A Jane Austen Weekend
Carol J. Adams
In the midst of a life filled with meeting deadlines and responding to the latest negative images interconnecting women and animals, I recently had a glorious weekend in Hampshire, England. It was a Jane Austen weekend; and it was dedicated to her beginning and end.
As I traveled by train from London/Waterloo to Basingstoke I felt so lucky. I was going to see where Jane Austen was born and where Jane Austen died.
The parish church of Steventon is the church her father served when Jane Austen was born. It remains an active congregation and they maintain what I call “a ministry of Austen hospitality.” They encourage tour groups to let them know they are coming and they meet them, open the church door, and answer questions about Austen’s time in Steventon. My guide and I sat quietly in the church for several minutes. I offered thanks for the life of Jane Austen.
Then we walked to the site of the old Rectory, where Jane Austen was born. The building is no longer there, but one can stand by a fence and look in and continue the wonderment of one’s thoughts that Jane Austen lived here, walked here, worshiped here, began to write here.
Knowing that I was a vegan, my most hospitable guide had prepared a vegan shepherd’s pie. We talked of Austen’s life and novels as we enjoyed this traditional British meal, updated to the 21st century!
The next morning we headed to Winchester, where Jane Austen was taken when she became very ill in 1817. There she died:
In one of her last letters, Jane Austen described the house and referred to the “neat little Draw[in]g-room with a Bow-window” that overlooked a garden. We sat on a ledge facing this bow-window and, again, thought of Jane Austen. Her last days were painful.
On the day of her funeral, her sister Cassandra “watched the little mournful procession the length of the Street” and then it was lost from her sight.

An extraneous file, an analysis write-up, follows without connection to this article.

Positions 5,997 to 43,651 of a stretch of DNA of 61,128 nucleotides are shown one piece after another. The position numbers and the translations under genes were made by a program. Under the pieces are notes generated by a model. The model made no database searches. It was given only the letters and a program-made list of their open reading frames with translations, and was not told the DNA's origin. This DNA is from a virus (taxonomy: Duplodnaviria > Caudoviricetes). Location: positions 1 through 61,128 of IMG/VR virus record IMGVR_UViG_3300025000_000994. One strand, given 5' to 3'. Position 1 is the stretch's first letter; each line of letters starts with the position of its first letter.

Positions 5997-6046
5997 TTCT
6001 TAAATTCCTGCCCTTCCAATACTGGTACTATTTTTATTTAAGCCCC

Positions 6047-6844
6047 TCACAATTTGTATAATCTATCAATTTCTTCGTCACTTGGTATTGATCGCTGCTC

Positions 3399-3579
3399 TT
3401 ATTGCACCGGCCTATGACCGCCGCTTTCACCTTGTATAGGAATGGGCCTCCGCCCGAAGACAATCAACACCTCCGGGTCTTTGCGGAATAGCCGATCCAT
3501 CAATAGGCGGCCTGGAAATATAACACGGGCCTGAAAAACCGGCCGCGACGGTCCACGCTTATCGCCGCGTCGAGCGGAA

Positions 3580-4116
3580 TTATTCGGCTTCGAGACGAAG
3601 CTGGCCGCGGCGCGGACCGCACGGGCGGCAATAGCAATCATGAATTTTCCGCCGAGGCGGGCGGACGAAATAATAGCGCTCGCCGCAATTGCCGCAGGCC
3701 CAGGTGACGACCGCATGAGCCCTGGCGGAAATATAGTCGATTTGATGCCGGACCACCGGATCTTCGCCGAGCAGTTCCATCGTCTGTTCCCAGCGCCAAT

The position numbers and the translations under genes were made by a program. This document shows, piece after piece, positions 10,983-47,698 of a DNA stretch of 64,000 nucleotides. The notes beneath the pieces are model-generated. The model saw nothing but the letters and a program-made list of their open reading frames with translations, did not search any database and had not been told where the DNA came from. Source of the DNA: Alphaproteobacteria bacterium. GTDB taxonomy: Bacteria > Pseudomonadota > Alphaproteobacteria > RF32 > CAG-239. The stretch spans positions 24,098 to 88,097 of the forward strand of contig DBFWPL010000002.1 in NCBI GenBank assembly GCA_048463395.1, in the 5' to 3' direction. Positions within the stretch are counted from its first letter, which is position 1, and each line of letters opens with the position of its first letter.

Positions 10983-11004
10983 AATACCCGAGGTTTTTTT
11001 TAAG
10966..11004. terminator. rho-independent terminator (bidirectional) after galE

Austen was buried here, in Winchester Cathedral. You can find her ledger stone on the floor: If you are only 5’5”, it is hard to photograph this. Even standing on a chair purloined from nearby, it’s not easy to get a good angle. I spent a long time trying to get a good picture and then realized, lots of professional photographs exist. So, I put my camera down, and looked up.
A beautiful bouquet of flowers stood underneath a memorial brass plaque to Jane Austen. According to the little booklet on Jane Austen and Winchester Cathedral, the plaque was paid for by Austen’s nephew, a Victorian writer, who penned her first full biography.
Do you see that little scrap of paper? I went over to see what it said.
In her letter to her niece, after the funeral was over, Cassandra told her, it wasn’t watching the funeral procession that overpowered her. It was writing the letter that described it. Oh, the power of words.
And with me, it was when I walked over to the flowers and found that the scrap of paper next to it, left, clearly by another Jane Austen lover, said: "You must allow me to tell you how much I admire and love you."
How brilliant. Or, as my British host said in response to a claim I was making about Jane Austen, “Clever you!” These are the words from Darcy’s first proposal to Elizabeth Bennet, (almost, Darcy says “ardently” rather than “much”). Sitting there, by the flowers, they take on an entirely new meaning. How ardently we do love and admire you, Jane Austen.
Carol J. Adams is the co-author of The Bedside, Bathtub, and Armchair Companion to Jane Austen (Continuum) which has been nominated for a Regency Award for best 2008 non-fiction on Jane Austen by the Jane Austen Centre in Bath, England.
I think you can still vote at http://www.janeausten.co.uk/awardsurvey.ihtml